Shigefusa 185mm Santoku Hocho Right-Handed – Tokifusa Iizuka
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This popular santoku (three-purpose) knife has a narrow spline and a thin, single-bevel blade that makes it very versatile – you can use it for slicing, dicing and mincing vegetables and meat. The...
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Handle length - 132mm
Handle width - 22mm
Handle to tip length - 332mm
Chin to tip length - 185mm
Blade height at chin - 50mm
Width of spine at handle - 7mm
Width of spine above chin - 3.5mm
Width of spine at middle- 2mm
Width of spine 1cm from the tip - 1.3mm
Weight - 160 g
All Shigefusa brand knives are handmade and made one by one, so they can vary in size and thickness. Unevenness in finish can occur.
Tokifusa Iizuka & Sons Make Popular Shigefusa Knives the Traditional Way
In a nation that values fine kitchen cutlery, Tokifusa Iisuka is probably the most revered maker of kitchen knives in Japan. As a teenager, Iisuka became an apprentice to master sword maker Kosuke Iwasaki and began making traditional Japanese razors. Ten years later he decided to make cutlery and apprenticed himself to Munenori Nagashima, a famous sword maker who had decided to make knives after World War II.
In 1970, Iisuke established his own business, handcrafting kitchen knives that he inscribed with his Shigefusa brand name. The meticulously handcrafted knives have been and still are sought after by top Japanese chefs and sell for $250 to $1,500 each in Tokyo stores. Iisuke’s knives are described as simple and rustic, yet at the same time elegant, and their balance is so refined they feel like an extension of the hand.
In 1990, Iisuke’s two grown sons, Masayuki and Yoshihide, began to work alongside him in his small workshop located behind his rural home in Sanjo City. They continue to craft knives using pretty much the same process he has always used, doing everything themselves by hand. They begin by forge-welding high-carbon Swedish steel atop iron in a forge fueled by coke. More forge-welding is followed by several steps, including using a special tool called a Soto Sen to finish the shape, a step Iisuke says is important to remove the waves created in the blade surface by forging and grinding.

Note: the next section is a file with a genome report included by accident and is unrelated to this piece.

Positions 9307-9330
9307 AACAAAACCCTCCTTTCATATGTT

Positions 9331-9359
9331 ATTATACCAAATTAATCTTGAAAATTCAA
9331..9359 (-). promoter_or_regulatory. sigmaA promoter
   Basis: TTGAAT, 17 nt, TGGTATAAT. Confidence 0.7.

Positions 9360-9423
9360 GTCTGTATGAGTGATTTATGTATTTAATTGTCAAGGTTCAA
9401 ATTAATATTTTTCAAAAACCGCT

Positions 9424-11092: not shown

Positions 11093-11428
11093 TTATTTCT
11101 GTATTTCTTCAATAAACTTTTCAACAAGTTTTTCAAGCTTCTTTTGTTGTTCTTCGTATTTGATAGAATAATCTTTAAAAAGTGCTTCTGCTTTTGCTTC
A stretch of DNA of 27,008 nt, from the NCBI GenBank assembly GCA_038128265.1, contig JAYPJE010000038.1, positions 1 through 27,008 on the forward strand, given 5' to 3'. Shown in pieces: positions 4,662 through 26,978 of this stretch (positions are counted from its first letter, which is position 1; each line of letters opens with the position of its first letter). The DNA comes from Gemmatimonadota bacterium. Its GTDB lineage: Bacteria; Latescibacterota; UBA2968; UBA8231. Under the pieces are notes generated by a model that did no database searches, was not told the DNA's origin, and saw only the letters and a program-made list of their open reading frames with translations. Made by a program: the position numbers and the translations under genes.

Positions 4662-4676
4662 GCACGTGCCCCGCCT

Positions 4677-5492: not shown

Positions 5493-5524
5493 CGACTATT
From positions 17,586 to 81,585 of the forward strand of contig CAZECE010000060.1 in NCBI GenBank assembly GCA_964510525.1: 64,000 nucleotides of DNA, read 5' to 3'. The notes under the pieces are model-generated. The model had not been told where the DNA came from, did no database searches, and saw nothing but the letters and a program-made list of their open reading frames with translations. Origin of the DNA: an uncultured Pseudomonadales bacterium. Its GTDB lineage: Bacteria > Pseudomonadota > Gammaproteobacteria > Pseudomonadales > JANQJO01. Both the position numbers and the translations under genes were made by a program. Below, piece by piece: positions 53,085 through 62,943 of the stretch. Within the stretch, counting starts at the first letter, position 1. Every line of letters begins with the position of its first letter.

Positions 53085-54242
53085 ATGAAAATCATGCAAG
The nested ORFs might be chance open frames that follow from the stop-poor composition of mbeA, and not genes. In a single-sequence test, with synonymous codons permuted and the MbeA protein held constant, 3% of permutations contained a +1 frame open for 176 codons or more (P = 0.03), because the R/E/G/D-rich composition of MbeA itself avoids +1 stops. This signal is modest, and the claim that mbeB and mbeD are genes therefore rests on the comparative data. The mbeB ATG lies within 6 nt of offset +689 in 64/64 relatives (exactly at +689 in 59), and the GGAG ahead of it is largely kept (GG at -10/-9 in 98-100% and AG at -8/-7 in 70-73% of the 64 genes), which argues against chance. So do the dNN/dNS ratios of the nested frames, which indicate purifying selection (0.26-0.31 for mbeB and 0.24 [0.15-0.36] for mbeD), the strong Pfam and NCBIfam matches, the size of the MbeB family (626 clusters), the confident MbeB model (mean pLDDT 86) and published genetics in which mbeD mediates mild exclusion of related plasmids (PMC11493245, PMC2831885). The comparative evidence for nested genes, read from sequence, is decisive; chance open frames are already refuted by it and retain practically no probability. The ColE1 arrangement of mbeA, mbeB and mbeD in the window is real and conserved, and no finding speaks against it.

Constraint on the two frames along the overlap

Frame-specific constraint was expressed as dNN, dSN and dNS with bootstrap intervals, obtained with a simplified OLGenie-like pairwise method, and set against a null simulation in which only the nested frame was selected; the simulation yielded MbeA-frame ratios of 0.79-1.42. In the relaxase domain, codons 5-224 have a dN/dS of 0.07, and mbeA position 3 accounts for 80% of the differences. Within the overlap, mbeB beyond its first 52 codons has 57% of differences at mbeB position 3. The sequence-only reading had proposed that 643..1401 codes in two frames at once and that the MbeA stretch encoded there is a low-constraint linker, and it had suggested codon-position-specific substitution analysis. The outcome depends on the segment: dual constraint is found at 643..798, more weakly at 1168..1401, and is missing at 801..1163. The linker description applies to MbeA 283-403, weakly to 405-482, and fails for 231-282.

Blades are then coated with a special paste made from the “mud” left from using waterstones for shaping and sharpening. The paste is applied in different thicknesses to produce a hard edge on the blade, while leaving the blade flexible. Next, the blade is heated to 780° and plunged into a special water bath that determines the cutting quality. Finishing and sharpening, the most time-consuming tasks, involve honing using a series of five ever finer waterstones until the blade edge is razor-sharp and the surface is silky smooth.
This time-consuming meticulous process limits production, so the three craftsmen together make approximately a 1,000 knives a year. Although Iisuke uses a computer, it is only for accounting. His one attempt at automation – a $100,000 blade smoothing machine – sits idle. Iisuke told a Los Angeles Times reporter: “It was a good idea, but my skill is much better.”